Beacon Trust Co. v. Dolan, 27 F.2d 247 (1st Cir. 1928)Annotate this Case
June 28, 1928
In re JAMES MILLAR CO.
Circuit Court of Appeals, First Circuit.
Lee M. Friedman, of Boston, Mass. (Percy A. Atherton and Friedman, Atherton, King & Turner, all of Boston, Mass., on the brief), for appellant.
John M. Maloney, of Boston, Mass., for appellee.
Before BINGHAM and JOHNSON, Circuit Judges, and HALE, District Judge.
JOHNSON, Circuit Judge.
This is a petition to review the judgment of the District Court of the United States for the District of Massachusetts, affirming the ruling of the referee in bankruptcy, denying the claim of the petitioner to certain funds and property in the possession of the trustee of the bankrupt.
The facts as found by the referee, so far as material, are as follows:
The bankrupt, James Millar Company, had from time to time made loans at the Beacon Trust Company, the petitioner here, for which it gave its promissory notes, secured by an assignment of accounts receivable. When a loan was made, the bankrupt provided the bank with duplicate invoices or bills on which there was an assignment, and when these accounts were paid to the bankrupt it turned the money it received over to the bank.
On February 18, 1926, the bankrupt needed money to meet its pay roll. It had no actual accounts to be assigned, but did have orders which it was to fill. The bankrupt had in process of manufacture shoes to fill these orders, and applied to the bank for a loan, offering as security a list of these unfilled orders shown upon production sheets, containing, with other data, a list of the lots of shoes for which an order had been given. Each of these lots, as it was being made up in the process of manufacture, had attached a tag, or tags, with an identifying number, which number was entered on the production sheets, duplicates of which were assigned to the bank. By means of these tags and identification numbers, each lot of shoes and the materials needed to make them could at all times be traced and located in the bankrupt's factory and connected up with its proper production sheets, and only by reference to the production sheets could the shoes manufactured to fill the order be identified. When the order had been completed and the shoes shipped out and billed, the bankrupt assigned a duplicate of the bills rendered to the bank, which was intended as a substitution for the production sheets which had previously been assigned.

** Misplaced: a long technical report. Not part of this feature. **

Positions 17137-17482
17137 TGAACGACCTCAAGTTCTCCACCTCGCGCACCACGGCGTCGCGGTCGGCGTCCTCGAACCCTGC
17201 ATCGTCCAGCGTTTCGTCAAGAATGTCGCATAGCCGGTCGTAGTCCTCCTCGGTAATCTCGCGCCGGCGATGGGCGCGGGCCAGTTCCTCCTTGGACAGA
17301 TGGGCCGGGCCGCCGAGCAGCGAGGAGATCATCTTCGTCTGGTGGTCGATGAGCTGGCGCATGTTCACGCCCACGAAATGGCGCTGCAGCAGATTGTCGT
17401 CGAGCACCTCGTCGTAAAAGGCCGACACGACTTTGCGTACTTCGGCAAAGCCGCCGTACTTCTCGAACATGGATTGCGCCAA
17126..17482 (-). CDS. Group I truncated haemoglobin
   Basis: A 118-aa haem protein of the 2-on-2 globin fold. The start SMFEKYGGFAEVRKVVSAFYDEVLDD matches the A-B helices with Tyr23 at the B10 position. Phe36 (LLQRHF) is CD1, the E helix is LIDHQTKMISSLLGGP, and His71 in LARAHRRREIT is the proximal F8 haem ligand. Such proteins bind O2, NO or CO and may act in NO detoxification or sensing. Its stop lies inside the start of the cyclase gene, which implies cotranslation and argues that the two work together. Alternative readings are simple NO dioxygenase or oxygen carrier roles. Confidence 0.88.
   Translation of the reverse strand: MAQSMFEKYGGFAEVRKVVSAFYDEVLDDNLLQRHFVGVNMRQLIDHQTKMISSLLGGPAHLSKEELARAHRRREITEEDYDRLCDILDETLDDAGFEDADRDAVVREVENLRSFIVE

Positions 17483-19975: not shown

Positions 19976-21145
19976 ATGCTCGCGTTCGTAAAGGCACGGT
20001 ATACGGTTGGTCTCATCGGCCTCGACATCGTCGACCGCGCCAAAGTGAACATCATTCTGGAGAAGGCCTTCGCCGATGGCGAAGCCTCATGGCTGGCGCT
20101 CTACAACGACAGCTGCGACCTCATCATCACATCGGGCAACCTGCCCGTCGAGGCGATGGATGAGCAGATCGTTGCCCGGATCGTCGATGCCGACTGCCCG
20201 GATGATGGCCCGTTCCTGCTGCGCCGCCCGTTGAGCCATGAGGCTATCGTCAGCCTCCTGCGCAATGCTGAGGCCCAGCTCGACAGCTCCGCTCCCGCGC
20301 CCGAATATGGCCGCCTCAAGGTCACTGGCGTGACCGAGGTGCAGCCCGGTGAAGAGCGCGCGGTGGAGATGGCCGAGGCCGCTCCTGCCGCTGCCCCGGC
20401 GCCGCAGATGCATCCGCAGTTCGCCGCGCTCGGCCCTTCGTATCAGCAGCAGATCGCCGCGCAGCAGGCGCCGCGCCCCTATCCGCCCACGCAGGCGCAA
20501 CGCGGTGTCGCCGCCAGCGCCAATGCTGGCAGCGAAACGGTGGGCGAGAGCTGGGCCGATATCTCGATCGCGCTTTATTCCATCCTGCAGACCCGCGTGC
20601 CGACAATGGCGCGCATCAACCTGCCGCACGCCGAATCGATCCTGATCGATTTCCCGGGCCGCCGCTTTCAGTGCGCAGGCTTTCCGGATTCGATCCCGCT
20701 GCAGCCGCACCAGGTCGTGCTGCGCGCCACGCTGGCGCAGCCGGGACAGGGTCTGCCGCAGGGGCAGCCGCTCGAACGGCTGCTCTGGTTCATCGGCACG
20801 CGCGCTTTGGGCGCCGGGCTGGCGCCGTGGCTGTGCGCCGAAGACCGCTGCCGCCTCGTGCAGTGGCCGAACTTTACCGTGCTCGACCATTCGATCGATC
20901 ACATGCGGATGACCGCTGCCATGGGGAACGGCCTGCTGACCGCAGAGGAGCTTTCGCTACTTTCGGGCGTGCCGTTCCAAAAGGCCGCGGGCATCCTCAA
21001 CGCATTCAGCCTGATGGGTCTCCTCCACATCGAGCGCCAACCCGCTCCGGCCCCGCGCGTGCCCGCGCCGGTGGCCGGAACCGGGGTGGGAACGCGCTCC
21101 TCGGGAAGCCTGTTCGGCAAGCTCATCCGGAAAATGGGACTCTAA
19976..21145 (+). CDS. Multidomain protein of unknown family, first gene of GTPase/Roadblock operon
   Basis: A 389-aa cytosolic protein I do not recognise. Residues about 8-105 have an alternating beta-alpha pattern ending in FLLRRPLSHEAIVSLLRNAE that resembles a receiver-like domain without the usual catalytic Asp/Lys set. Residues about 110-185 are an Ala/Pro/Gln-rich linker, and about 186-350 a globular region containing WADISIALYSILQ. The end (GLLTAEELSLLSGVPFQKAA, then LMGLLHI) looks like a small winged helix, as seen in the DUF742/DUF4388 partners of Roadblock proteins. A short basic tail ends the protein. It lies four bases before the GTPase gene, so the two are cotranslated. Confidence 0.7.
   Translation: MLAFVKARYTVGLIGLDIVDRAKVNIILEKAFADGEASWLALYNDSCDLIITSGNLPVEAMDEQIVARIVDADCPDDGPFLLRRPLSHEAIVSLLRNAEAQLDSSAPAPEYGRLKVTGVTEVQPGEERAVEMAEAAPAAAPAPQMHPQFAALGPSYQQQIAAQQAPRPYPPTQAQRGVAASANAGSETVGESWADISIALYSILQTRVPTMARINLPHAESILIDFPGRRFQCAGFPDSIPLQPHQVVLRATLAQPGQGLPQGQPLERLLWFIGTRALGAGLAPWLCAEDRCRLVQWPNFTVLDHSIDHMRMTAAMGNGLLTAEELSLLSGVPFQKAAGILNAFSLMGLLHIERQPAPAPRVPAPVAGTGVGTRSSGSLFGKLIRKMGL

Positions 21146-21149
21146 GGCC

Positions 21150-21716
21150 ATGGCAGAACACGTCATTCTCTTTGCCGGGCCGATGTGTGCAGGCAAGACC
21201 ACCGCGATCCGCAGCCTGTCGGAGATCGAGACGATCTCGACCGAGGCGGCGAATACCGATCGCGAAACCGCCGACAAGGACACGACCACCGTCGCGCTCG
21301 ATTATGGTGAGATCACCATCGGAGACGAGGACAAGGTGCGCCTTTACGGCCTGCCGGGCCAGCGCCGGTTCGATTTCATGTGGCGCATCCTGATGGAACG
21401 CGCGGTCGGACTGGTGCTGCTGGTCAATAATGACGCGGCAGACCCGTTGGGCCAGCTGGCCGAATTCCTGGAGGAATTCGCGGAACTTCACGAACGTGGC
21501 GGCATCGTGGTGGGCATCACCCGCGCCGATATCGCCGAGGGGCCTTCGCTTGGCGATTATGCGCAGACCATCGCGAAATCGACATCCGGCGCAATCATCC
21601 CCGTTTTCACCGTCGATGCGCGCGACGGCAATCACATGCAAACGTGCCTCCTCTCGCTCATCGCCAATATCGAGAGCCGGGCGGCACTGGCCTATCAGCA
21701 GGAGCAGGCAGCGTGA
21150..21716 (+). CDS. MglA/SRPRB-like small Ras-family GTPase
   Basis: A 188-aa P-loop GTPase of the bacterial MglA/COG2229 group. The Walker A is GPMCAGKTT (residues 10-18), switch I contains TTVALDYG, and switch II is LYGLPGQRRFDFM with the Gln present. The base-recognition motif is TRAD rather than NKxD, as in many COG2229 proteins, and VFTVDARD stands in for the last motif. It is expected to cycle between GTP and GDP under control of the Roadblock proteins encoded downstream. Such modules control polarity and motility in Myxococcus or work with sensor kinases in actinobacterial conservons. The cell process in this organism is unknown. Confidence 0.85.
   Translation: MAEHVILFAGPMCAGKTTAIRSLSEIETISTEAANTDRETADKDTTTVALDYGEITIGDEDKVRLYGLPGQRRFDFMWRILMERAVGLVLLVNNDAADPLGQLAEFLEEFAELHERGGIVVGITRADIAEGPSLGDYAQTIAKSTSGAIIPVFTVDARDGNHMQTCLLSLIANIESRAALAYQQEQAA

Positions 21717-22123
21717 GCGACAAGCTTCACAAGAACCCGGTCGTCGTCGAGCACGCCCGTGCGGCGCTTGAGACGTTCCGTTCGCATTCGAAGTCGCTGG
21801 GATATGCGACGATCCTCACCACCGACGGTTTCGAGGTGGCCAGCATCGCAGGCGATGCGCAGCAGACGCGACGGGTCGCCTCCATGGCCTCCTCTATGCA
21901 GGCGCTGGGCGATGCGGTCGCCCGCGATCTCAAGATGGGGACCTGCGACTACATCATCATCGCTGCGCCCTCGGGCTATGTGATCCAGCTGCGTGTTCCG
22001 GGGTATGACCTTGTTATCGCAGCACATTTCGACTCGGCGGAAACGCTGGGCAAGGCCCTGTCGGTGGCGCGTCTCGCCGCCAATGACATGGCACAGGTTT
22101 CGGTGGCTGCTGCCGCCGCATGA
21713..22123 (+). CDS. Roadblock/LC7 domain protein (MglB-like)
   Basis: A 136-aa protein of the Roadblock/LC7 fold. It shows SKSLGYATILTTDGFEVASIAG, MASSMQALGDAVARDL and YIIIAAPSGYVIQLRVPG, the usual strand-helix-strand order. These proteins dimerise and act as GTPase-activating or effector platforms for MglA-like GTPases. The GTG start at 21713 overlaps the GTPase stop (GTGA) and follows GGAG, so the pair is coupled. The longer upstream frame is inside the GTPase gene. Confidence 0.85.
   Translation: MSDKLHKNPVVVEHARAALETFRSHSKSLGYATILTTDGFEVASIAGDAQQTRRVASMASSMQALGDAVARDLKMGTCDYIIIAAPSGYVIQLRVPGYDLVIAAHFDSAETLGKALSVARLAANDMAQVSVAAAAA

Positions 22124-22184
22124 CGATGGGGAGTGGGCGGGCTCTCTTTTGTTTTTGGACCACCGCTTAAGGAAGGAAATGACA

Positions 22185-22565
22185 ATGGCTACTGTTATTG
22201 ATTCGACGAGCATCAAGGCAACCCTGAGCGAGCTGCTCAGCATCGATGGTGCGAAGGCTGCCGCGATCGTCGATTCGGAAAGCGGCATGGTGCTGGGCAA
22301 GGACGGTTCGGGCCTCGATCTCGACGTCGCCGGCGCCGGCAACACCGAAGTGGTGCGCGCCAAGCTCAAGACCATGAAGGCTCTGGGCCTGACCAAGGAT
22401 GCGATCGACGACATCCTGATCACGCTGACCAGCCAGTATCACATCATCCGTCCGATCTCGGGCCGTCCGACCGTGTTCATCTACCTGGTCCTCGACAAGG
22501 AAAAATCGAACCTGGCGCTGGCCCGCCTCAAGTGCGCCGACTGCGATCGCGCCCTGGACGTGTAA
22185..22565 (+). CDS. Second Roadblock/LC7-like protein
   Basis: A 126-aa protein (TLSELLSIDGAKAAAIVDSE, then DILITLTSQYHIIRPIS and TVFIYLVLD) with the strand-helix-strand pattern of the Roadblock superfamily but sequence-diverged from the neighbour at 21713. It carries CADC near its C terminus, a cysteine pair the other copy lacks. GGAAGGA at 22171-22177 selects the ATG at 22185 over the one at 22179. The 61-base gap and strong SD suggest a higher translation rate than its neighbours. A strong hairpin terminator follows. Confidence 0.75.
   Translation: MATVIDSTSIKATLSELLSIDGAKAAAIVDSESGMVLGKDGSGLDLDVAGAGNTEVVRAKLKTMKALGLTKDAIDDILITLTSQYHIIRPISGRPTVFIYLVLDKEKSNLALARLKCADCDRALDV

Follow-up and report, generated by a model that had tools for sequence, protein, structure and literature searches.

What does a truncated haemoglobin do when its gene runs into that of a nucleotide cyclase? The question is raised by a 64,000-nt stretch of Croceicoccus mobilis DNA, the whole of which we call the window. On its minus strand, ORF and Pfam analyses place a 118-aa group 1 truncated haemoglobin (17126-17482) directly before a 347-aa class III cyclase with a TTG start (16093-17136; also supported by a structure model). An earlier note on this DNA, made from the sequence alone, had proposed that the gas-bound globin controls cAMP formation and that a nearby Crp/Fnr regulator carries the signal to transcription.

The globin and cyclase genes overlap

March 22, 1926, the bank loaned the bankrupt $11,000; March 23, $6,000; and April 12, $6,000 making a total of $23,000, and the method was followed which has been described. The price of the shoes shown on the production sheets delivered to the bank in connection with said loans aggregated $26,174.60. *248 The shoes enumerated on said sheets were subsequently sold by the receiver in bankruptcy and the proceeds of said sale, amounting to $6,253.10, are held subject to the order of the court.
The bankrupt finding itself unable to go on further with the business without more money, and the bank evidently being unwilling to furnish the same, its counsel prepared a letter, signed by the bank and delivered to the superintendent of the bankrupt, directing him to take possession, as agent of the bank, of shoes pledged to secure the bank loans, and which "had been already set aside and tagged." This letter was delivered to the superintendent of the bankrupt at the bankrupt's factory on the morning of April 15, 1926, and on the same afternoon an involuntary petition in bankruptcy was filed by the bankrupt. Counsel for the bank acted also as counsel for the petitioning creditors.
The referee has found that the statement in the letter of instructions to the superintendent to take possession of the shoes that "had already been set aside and tagged" was erroneous, and that the superintendent did not tag finished shoes, but had his subordinates mark with tags certain unfinished shoes with the initials of the bank; that the only thing the bank did to get possession of these disputed shoes was to direct the superintendent to take possession of them, and the tagging of the unfinished shoes was started about 5 hours before the petition in bankruptcy was filed.
The referee has further found that the bank made the loans to the bankrupt "in good faith and in the belief at the time that it was to secure some kind of a lien on these unfinished shoes," that the bank acquired no lien by the original transaction and "was not benefited by anything that happened on the day of bankruptcy," and that no lien was created by the original transaction, which did not constitute a mortgage or a pledge.